Monday, November 16, 2009

More on Robert Irwin and “Seeing is Forgetting the Name of the Thing One Sees”

For Robert Irwin, the California artist I mentioned in an earlier blog, at a certain point in his career following his curiosity became more important than his ambition, and according to Lawrence Weschler whose interviews are the “meat” of this book, Irwin has continued on that path.

In the 1960s, he encountered so many questions in his work and these questions drove him in his investigations of painting. He realized that our culture is geared toward answers, not questions, and it is performance that counts. As he said, “I find it very precarious for a culture only to be able to measure performance and never to be able to credit the questions themselves.” (page 90) Irwin pursued answers to his questions in painting and when he made a discovery he moved on to something else, to the frustration of his dealer who had to educate his public all over again when Irwin’s painting changed dramatically.

Over the years, periodically Irwin took a break from the world, and by all appearances spent time doing “nothing,” but the way I see it, he was allowing his whole being to reconstitute. He seemed to be really good at knowing what he needed to do at any given time.

I’m skipping huge swaths of his career, but eventually Irwin realized that he did not want his painting to be a metaphor for something. He did not want viewers to look at it and say, oh, that reminds me of a tree or a this or a that. He wanted his work to be IT, to be a presence for the viewer, and not a metaphor for a presence. He began working in empty rooms, and worked meticulously on the surfaces of the walls, creating spaces that reacted to light in certain ways. He used natural light, electric light and/or scrim as a medium to create a certain kind of atmosphere and light. Many people would go into these spaces, and turn around and come out because they thought the room was empty. For the people who could actually “see” and not just “look,” these rooms became an experience in perception of something they had not experienced before.

Eventually Irwin began making proposals for installations and works in public spaces. If the photos in this book are an accurate indication, one of the most spectacular of his works is the Central Garden at the Getty Center in California. He chose hundreds of grasses, flowers, shrubs, trees and ground covers to sculpt a landscape that included paths and water running down a slope to a pool at the bottom. It was enormous undertaking, but he was not content to simply design this garden, but he was present daily to work with the people doing all the landscaping and planting.

The people in charge of the Getty wanted to put up a plaque, and Irwin resisted. In the end, he agreed to the following inscribed on a pair of little stones: “Ever present, never twice the same” and on the other side of the stone “Ever changing, never less than whole” along with his name and date - Robert Irwin December 1997.

Sunday, November 1, 2009

International Festival of Authors

The annual International Festival of Authors at Toronto’s Harbourfront is such a splendid source of pleasure and inspiration, whether you are a reader of books or a writer.

I attended four of the “Round Tables” of the festival, groups of writers talking about the writing process and their own books. I particularly enjoyed sitting in on the conversation between three authors who wrote books in Penguin’s Extraordinary Canadians series, edited by John Ralston Saul: Mark Kingwell (biography of Glenn Gould), Daniel Poliquin (biography of RenĂ© Levesque) and Jane Urquhart (biography of Lucy Maud Montgomery). The conversation was moderated by Charlotte Gray who wrote a biography of Nellie McClung for the series.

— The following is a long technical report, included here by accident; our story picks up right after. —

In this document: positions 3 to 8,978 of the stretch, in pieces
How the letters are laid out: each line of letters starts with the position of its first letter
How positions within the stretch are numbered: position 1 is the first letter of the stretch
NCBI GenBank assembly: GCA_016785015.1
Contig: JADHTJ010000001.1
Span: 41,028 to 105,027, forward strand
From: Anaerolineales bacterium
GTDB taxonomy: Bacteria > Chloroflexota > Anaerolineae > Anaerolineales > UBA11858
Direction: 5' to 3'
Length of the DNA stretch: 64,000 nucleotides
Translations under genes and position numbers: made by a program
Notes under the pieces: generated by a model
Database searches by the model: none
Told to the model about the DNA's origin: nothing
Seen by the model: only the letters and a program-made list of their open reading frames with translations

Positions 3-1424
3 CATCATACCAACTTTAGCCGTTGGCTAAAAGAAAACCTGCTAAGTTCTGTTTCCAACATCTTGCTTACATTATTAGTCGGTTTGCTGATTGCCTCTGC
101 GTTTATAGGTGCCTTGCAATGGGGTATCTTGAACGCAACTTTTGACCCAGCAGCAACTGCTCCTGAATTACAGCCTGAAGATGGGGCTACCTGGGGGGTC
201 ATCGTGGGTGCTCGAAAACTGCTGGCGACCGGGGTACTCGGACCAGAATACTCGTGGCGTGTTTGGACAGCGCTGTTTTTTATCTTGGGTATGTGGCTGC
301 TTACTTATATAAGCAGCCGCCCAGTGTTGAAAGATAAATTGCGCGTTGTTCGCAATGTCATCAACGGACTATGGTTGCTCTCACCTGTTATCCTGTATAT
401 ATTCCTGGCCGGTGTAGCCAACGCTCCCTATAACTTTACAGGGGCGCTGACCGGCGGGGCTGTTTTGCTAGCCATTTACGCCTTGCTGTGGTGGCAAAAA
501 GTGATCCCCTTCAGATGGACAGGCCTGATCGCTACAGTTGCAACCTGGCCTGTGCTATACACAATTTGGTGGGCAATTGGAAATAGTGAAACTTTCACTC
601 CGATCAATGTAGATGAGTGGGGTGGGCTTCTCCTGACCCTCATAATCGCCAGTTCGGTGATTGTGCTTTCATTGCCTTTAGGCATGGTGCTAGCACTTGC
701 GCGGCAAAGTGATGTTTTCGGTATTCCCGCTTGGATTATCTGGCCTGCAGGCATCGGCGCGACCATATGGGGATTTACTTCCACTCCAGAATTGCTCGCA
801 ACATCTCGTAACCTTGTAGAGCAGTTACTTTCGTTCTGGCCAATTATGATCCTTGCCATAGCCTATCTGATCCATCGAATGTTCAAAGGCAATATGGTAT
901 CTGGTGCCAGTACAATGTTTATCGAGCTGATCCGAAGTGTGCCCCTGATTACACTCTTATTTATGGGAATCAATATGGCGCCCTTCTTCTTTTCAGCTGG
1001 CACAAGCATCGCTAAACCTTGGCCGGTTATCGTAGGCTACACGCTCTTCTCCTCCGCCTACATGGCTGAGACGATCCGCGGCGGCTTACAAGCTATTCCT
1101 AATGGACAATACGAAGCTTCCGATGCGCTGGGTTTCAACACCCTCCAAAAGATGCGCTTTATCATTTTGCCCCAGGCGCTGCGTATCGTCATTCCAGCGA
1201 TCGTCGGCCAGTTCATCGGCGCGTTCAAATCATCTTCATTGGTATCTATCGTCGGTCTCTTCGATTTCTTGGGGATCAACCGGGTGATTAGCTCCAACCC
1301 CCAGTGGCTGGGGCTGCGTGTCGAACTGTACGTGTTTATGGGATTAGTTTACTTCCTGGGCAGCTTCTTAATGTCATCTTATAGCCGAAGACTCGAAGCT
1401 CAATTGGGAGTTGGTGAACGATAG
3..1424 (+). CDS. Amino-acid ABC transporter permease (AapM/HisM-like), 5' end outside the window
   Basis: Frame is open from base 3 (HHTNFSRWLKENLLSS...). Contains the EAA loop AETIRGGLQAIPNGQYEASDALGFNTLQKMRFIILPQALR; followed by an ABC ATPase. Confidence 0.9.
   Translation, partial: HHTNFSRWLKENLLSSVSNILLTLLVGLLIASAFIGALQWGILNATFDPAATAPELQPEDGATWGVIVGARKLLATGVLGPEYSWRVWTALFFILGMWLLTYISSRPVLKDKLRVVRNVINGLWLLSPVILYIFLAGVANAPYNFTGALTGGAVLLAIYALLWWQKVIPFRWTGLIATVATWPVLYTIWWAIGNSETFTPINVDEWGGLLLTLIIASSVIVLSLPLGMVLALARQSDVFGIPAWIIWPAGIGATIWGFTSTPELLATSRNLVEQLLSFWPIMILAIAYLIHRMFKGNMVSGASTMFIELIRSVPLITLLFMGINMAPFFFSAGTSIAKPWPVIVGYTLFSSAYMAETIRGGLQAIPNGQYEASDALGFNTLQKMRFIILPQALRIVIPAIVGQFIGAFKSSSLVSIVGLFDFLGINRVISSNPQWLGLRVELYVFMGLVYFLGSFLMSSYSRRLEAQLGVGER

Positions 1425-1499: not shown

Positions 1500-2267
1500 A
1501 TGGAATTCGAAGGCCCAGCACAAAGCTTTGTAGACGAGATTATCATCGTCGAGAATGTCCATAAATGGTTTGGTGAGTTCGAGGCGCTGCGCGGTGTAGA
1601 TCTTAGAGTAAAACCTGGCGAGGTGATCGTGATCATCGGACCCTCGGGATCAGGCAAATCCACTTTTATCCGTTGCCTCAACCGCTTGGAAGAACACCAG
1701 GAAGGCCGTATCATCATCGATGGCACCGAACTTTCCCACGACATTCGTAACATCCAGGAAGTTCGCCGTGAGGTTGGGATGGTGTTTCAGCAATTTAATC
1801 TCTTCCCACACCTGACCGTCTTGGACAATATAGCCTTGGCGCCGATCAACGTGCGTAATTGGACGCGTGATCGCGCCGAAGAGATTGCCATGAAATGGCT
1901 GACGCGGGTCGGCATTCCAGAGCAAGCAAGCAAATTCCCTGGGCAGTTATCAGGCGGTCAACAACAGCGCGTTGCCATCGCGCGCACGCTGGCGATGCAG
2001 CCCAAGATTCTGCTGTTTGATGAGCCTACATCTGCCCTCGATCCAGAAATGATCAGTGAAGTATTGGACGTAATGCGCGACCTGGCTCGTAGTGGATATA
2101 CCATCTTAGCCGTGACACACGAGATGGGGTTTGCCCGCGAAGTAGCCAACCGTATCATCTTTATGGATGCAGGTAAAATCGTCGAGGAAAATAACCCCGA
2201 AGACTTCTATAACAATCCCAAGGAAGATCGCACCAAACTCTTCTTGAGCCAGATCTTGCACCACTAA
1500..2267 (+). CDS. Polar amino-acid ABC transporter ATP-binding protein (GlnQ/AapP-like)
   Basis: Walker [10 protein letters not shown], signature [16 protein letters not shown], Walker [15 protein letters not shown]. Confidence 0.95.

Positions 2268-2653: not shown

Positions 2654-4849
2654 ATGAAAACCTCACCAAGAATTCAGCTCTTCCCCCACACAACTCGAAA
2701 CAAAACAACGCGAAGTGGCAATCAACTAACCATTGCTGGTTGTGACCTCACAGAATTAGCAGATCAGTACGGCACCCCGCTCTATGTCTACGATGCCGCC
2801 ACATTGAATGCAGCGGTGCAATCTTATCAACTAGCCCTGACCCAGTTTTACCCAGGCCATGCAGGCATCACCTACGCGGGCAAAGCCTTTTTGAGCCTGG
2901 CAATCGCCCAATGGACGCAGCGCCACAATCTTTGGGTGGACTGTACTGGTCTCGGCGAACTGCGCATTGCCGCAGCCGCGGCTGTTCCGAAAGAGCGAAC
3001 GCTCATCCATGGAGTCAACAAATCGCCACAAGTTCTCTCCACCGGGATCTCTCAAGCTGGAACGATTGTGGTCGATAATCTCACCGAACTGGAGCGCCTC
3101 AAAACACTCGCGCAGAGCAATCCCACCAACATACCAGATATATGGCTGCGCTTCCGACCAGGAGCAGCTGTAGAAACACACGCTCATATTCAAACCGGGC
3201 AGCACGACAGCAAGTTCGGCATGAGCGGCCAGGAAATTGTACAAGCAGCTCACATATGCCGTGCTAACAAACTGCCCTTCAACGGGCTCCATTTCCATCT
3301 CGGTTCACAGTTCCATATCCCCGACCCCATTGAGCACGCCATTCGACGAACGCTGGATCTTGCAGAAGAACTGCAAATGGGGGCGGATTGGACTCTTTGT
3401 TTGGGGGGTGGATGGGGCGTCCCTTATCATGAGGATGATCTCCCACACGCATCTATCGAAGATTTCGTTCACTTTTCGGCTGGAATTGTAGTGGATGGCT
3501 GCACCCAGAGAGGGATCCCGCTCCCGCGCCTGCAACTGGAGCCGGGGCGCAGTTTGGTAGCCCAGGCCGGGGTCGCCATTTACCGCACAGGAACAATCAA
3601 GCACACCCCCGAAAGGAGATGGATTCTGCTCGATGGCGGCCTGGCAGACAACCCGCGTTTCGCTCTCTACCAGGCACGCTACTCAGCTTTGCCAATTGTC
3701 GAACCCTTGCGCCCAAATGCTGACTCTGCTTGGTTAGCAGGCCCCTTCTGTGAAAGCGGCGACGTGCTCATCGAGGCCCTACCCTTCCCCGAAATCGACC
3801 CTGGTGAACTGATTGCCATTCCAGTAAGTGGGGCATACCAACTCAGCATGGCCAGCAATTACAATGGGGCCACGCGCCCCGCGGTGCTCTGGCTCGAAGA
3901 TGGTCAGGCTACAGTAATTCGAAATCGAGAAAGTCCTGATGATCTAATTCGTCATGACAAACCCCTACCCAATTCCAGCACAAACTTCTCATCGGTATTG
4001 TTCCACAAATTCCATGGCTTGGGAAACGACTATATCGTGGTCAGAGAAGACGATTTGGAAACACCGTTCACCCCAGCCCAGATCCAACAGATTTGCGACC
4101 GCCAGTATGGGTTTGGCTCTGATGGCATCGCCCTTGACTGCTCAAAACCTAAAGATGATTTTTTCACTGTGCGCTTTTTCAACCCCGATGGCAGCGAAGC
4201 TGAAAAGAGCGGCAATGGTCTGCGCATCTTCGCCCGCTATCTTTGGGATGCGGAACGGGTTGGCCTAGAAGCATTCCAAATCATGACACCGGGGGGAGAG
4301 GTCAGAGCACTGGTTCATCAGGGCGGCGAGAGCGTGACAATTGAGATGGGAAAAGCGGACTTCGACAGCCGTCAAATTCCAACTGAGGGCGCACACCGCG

It was fascinating to see how different each of the people were who were the subjects of the books. What they all had in common, however, is a struggle with a religious heritage, which had an impact in their emotional life and in their relationships with people close to them. This Penguin series is making a contribution to the discourse on Canada as a nation made up of people who are full of contradictions and care about contributing to the world through self-fulfillment.

The most memorable part of the ten-day festival for me was the opening night, a PEN Canada Benefit, a conversation between Diana Athill and Alice Munro, moderated by CBC host Bill Richardson, who I think has the funniest sense of humour on this earth. Athill (age 92) and Munro (age 78) had never met until last week, as they admired each other from afar.

Athill began working with AndrĂ© Deutsch when he founded his publishing house in the 1950s until the company ceased operation in the 1980s. She was the editor for such writers as Philip Roth, Jean Rhys and Mordecai Richler. She has written several novels, but during the last years she wrote her memoirs. Her “Somewhere Towards the End” is a brilliant book that does not shy away from what it is like to be old. She is sharp-witted and has the ability to marvel at what life brings to an individual, and yet sense how enormous is the whole of humanity on this planet.

Alice Munro, the eminent short story writer, once said that there is no such thing as an ordinary person, that everyone is fascinating. Even the most boring person is interesting if you are able to really see her or him.

Hearing these two women talk to each other, I felt I was in the presence of great wisdom, even though they both claimed that in their old age they do not feel wiser, but calmer.